Let's say an extinct alien civilization inhabited an earth-like planet a few million years ago. The had a number of satellites, orbiting the planet, all of which got blown up quite violently (dealer's choice of method to destroy a satellite). Their satellites were in the same orbit radii that we currently use, namely a few hundred km through 40,000 km.
Would millions of years be enough time for virtually all that debris to decay? There can be enough debris left that you could find traces of it if you knew what to look for, there just has to not be enough that it would register as satellite debris in a routine scan of the planet and the things in orbit.
I'm not picky about the method of destruction, so a potential alternate question is: is there a plausible military mechanism of destroying satellites that would have the side-effect of leaving nothing in orbit after several million years?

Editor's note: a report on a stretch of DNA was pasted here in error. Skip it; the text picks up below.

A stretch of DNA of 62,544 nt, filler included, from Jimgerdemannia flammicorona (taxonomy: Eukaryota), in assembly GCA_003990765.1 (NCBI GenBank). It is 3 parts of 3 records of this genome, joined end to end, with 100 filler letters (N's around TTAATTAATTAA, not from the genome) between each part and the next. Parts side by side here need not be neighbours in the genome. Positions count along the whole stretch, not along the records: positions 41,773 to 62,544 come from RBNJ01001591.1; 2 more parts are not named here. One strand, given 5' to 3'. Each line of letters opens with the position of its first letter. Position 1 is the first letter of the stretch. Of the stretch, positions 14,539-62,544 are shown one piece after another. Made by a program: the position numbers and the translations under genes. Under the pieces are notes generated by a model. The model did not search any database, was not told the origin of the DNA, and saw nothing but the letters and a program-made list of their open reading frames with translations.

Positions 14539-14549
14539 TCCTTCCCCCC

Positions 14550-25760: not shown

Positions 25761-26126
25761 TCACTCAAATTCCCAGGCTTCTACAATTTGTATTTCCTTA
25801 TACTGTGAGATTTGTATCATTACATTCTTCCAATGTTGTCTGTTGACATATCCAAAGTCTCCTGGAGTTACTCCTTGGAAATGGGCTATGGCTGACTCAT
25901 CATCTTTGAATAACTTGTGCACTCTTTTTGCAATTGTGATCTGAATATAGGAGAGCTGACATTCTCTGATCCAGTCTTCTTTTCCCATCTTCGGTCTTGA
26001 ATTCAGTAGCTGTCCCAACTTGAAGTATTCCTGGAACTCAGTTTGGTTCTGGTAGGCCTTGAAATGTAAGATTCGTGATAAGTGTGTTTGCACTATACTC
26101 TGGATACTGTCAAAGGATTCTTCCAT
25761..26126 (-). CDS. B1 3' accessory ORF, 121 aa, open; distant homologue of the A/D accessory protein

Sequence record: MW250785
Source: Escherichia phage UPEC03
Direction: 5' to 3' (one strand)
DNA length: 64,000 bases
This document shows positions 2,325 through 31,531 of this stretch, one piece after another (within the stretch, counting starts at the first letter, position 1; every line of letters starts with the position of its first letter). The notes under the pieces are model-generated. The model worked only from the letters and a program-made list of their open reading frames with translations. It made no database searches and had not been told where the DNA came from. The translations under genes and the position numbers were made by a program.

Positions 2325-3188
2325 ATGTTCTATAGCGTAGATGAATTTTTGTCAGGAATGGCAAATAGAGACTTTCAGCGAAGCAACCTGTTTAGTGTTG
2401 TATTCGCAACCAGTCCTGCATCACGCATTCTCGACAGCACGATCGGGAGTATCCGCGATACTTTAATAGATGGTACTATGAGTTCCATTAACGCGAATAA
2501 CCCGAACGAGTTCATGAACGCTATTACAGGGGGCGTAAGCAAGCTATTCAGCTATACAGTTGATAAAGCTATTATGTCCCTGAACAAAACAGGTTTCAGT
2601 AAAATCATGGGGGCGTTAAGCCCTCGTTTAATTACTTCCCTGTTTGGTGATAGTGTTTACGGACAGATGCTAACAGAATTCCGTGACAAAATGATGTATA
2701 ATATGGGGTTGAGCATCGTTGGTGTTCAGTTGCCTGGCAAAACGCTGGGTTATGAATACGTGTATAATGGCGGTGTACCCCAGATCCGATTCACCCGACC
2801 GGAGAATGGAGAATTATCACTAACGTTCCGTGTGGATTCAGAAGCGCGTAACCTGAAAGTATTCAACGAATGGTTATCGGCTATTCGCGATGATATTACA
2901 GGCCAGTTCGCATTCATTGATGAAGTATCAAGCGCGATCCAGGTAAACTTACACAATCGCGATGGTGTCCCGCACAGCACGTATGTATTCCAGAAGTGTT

It looks like any space debris below a few thousand km will degrade within a few hundred years (source), but there is a lot of atmospheric interaction in those orbits.
It also looks like intact satellites above 6,000 km would stay in orbit for millions of years (source).
But what about the debris from destroyed satellites?